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Human Clinical Embryology and Assisted Conception MSc


 

Unnatural selection

14 December 2009

By Helen Keeler

Writer and actress

Appeared in BioNews 538
I had wanted to donate my eggs to a woman with fertility problems ever since having children of my own. I frequently tell my three children that I always wanted to be a mother and that every day they make my dreams come true. How wonderful it would be to help make someone else's dreams come true too.

Earlier this year, I approached the four hospitals offering fertility treatment within a 40 mile radius of where I live, explaining my family history. Three of them rejected me immediately. The fourth hospital invited me to attend an appointment with a counsellor, who recommended I be accepted. I was given another appointment to have the necessary extensive blood tests; the results were all fine. At a third appointment, I met a doctor who told me she had a couple in mind to match me with. Shortly after this, I received an email telling me the hospital had now decided they could no longer use my eggs.

There was one reason for all these rejections: my eleven-year-old daughter has Asperger syndrome (AS). She experiences difficulties with communication, social interaction and coordination. In addition, she suffers from panic attacks and her anxiety is at times debilitating. She's also a warm-hearted, thoughtful person and a gifted mathematician; in fact, she achieves above age expectancy in every academic area. Her sense of humour and understanding of language are developing apace; when I told her I'd been rejected as an egg donor, she asked me with a wry smile if that meant she was a bad egg. Only one other relation has an autism diagnosis, a young adult with AS in my extended family who is studying for a degree and holding down a job.

My experience has prompted me to think about this issue in many ways. A starting point is that it's ironic that inclusion and acceptance of people with disabilities has reached the point where there is legislation to protect their rights, while simultaneously doctors are trying to prevent them from being born. Disabled people are, in many cases, capable of great achievements. Should we be using perceived disability to tip the balance against them in fertility treatment? It is human nature to play to our strengths. This is not just something that high-achieving disabled people do, it is something we all do. Recently someone said to me, 'Is there no end to your talents?' I thought, now there's a person who hasn't heard me sing. Like everyone, I have many failings; I choose not to showcase them. Possible disadvantages cannot be weighed against potential talents when contemplating the impact of disability in this abstract way.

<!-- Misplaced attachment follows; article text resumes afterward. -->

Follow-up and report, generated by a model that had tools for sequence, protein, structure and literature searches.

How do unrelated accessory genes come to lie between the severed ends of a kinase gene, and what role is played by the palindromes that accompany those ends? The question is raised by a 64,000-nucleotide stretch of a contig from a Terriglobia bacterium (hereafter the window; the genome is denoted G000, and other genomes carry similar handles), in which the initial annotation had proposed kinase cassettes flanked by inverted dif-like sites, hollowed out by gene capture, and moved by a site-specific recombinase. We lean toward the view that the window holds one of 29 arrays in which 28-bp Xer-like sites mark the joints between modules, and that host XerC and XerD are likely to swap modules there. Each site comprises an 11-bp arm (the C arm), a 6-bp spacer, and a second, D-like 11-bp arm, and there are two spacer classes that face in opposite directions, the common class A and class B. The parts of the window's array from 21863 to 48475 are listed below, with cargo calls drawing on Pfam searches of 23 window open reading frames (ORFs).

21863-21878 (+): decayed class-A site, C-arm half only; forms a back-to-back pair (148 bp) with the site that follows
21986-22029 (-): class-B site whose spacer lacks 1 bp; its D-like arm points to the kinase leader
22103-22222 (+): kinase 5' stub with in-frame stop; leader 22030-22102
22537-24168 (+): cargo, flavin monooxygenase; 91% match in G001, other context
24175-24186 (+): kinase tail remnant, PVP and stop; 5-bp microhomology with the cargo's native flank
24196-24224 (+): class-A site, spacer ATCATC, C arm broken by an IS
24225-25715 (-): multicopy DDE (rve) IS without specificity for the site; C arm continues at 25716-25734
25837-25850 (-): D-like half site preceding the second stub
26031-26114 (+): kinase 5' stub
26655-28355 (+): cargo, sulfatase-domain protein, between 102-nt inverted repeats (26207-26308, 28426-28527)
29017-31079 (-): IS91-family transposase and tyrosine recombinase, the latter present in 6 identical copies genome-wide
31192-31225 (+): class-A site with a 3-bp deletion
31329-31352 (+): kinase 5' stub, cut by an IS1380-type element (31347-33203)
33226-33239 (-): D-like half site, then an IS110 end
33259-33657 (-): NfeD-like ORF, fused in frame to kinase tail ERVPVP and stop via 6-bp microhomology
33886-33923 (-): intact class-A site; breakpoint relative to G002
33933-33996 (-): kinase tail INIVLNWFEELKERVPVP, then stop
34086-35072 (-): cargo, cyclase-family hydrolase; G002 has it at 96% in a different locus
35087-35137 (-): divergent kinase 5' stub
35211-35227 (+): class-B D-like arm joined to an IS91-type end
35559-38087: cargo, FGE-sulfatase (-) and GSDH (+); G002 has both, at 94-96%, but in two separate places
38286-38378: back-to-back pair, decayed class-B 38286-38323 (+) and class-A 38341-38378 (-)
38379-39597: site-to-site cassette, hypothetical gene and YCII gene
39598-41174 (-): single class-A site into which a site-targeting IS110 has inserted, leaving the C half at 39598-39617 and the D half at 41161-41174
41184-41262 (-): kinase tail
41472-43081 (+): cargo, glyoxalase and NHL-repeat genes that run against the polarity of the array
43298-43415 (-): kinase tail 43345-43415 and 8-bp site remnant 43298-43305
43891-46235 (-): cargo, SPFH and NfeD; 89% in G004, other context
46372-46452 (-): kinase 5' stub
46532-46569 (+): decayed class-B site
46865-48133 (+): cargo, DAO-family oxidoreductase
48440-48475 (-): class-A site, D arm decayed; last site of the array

While it could be said that prospective recipients of donor eggs would be unlikely to accept them from someone with AS in their family history, I don't think this justifies not offering the choice. This was perhaps the aspect of my experience that caused me the most frustration and sadness. It would be unthinkable for a doctor to tell me that I was not allowed to conceive naturally due to my family history of AS, so why is it acceptable for doctors to make this decision on behalf of those who need assistance conceiving? There is an acute shortage of altruistic egg donors; in rejecting me the message is that it is better to be childless than to have a child with AS. I would disagree most ardently with this premise.

The fact that scientific progress has led to this situation means that an ethical and philosophical debate is necessary. Do we really know what's best? In millions of years of evolution, AS has not been eradicated. While some might say there are greater numbers of people now with AS than ever before because of improved understanding and diagnosis - a theory that I would not necessarily dispute - it could also be said that we have evolved as a species to have an increasing number of people with AS. In other words, people with AS have been naturally selected, so maybe we need them in our species in a way we are yet to fully comprehend.

The concept of neurodiversity asserts that atypical ways of thinking are simply at a different point on the same scale as the majority of people. This implies that AS is an extreme version of normal. When my daughter struggles, she does so considerably, however when she flies, she soars. I wonder if it is either possible or desirable to breed out these extreme states from our species.

The bottom line is that both human beings and AS are too complex for this to be a straightforward choice between whether it is better for a person to be born who has AS or another person to be born who hasn't.

SOURCES & REFERENCES

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